The Changing Landscape of Commercial Real Estate

The Changing Landscape of Commercial Real Estate

UCLA ANDERSON FORECAST JUNE 2014 CONFERENCE

The UCLA Economic Outlook Conference was held on June 12, 2014 and involved university academics and industry leaders speaking about trends that will have an impact on commercial real estate in Los Angeles, as well as around the country and the world. The following are a few of the topics that were discussed:

1. Chinese Investment in U.S. Real Estate

 Chinese nationals are interested in investing in the American market. China’s foreign direct investment (FDI) in 2013 was approximately $13 billion. This is almost 50% higher than FDI in 2012 and over 300% higher than in 2011. A form of FDI Chinese individuals are interested in is multifamily real estate, partly because the price to rent ratio is much lower (a good thing) in the United States than in China. If the P/R ratio is higher, it takes much longer for an investor to recoup initial purchasing costs. When comparing prices per square foot, LA apartment units are a better value than apartments in China’s two biggest cities, Beijing and Shanghai. Because of the lack of demand and lower GDP per capita, monthly rents are cheaper in China than in the U.S (a bad thing for investors). Additionally, Los Angeles is an ideal place for Chinese real estate investment due to its depth and liquidity, geographic location (closer to Asia), abundance of Asian communities and nice weather.

2. Retail Outlook

 E-commerce sales have surged in the past several years. The percentage of retail sales from e-commerce has increased from 1% in 2000 to 6.2% in 2014. Since the recession, e-commerce sales have increased by 110%, while retail sales (not counting auto businesses) have gone up 23%. The UCLA Anderson Forecast Team predicts that e-commerce will eventually erode the foundations of retail real estate. They also say that underperforming malls will close and that the existing land will be used for other purposes. Retail profitability is decreasing due in part to the smartphone, allowing phone users to compare prices on the go (e.g., at the mall). Mall owners are favoring more restaurant tenants, as eateries are not affected as significantly by e-commerce. Even Home Depot is concentrating its efforts on e-commerce sales and no longer expanding its brick and mortar stores. E-commerce is making a dent into kitchen, bath and pharmacy products. UCLA Anderson also notes that what is working in retail appears to be street level shopping in high density urban areas that experience significant year-round tourism– like Santa Monica's Third Street Promenade.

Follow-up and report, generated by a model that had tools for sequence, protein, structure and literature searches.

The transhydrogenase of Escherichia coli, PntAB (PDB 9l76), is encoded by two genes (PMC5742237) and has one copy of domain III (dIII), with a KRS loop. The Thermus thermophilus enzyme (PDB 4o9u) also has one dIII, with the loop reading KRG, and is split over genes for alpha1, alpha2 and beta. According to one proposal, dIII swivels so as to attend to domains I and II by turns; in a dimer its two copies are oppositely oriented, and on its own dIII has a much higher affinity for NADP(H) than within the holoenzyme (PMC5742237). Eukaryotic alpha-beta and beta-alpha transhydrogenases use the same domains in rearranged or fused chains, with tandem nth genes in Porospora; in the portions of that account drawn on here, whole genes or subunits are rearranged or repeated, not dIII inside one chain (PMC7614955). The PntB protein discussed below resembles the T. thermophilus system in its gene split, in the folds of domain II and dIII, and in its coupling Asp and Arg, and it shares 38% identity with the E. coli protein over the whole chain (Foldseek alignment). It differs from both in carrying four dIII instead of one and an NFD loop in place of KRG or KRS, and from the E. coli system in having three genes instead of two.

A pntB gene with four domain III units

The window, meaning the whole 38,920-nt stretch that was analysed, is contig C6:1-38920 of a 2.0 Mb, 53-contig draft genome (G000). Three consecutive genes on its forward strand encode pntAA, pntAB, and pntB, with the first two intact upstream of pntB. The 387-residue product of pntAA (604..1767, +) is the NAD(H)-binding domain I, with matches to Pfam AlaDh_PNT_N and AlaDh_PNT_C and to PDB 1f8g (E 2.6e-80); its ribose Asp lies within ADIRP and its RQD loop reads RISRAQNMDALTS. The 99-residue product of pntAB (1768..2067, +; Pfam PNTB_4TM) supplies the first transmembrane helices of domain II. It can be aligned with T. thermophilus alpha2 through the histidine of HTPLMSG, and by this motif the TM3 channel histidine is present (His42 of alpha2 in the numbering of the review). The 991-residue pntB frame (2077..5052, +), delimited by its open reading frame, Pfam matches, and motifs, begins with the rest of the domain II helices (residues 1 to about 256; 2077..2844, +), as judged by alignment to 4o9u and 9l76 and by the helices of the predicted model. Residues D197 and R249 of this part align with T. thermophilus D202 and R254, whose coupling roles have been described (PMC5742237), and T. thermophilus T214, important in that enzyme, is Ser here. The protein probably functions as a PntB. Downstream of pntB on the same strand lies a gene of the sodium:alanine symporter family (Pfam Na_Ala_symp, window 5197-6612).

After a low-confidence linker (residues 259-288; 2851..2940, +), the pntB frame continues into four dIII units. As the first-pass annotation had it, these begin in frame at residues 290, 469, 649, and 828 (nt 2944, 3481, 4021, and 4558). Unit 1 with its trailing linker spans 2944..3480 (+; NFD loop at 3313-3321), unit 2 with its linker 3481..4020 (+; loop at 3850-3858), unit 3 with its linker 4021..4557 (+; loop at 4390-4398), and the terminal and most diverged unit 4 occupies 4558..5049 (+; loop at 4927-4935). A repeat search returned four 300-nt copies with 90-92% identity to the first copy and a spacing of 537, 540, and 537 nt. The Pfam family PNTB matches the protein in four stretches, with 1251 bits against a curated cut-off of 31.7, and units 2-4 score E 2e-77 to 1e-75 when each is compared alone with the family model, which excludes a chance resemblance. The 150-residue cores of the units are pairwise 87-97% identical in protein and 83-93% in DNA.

. Office Outlook

Although the overall office market looks bleak at the moment, the technology and energy related office markets are faring much better. This is why Silicon Beach in LA and Midtown South in Manhattan are doing much better than traditional markets like Brentwood and Park Avenue, respectively. A far more serious problem to demand is that office space is becoming increasingly clustered. The number of workers per square foot is increasing, especially in the technology sector. Instead of the traditional 200 sq. ft. allotted per worker, firms are allowing for 120-150 sq. ft. per worker. This is happening because technology itself is eliminating the need for file space, due to the facility of digitizing records. Dense workplaces are not limited to tech companies, as Goldman Sachs, Credit Suisse and Unilever have decided to put more people in compact areas. Because firms can fit more people per square foot and pay less rent as a result, the national office vacancy rate will remain high for years to come.

4. Industrial / Hospitality / Multi-family Outlook

As opposed to retail being negatively affected by e-commerce, industrial is actually recovering because of the increase in online transactions. However, industrial growth will be curtailed due to the delayed widening of the Panama Canal in 2016 to accommodate larger cargo ships. This could shift warehouse demand from the west coast to the Gulf and East Coasts.

Technology has made the hospitality industry far more transparent. Future hotel guests are making more informed decisions about where to stay, based on review websites such as Tripadvisor. The “sharing economy” is increasing, where homeowners can rent out their rooms, condos and houses directly to interested parties. One of the most prominent websites to offer this service to consumers is Airbnb, which received VC financing – giving the company a $10 billion value, more than Hyatt Hotel’s market cap.

ulti-family housing is looking good, due to many factors. They include a decline in homeownership, increasing consumer demand for urban and suburban density, sluggish economy that is delaying marriage and child birth, and environmentally friendly housing projects close to public transit. The vacancy rate has decreased from 8% during the 2008-2009 recession to 4% in 2014. UCLA Anderson is forecasting that 400,000 units will be built each year in 2015 and 2016, the highest level since the mid-1980s. By 2016, they expect that increases in construction and stagnating homeownership levels will result in rising vacancies and less rent increases.

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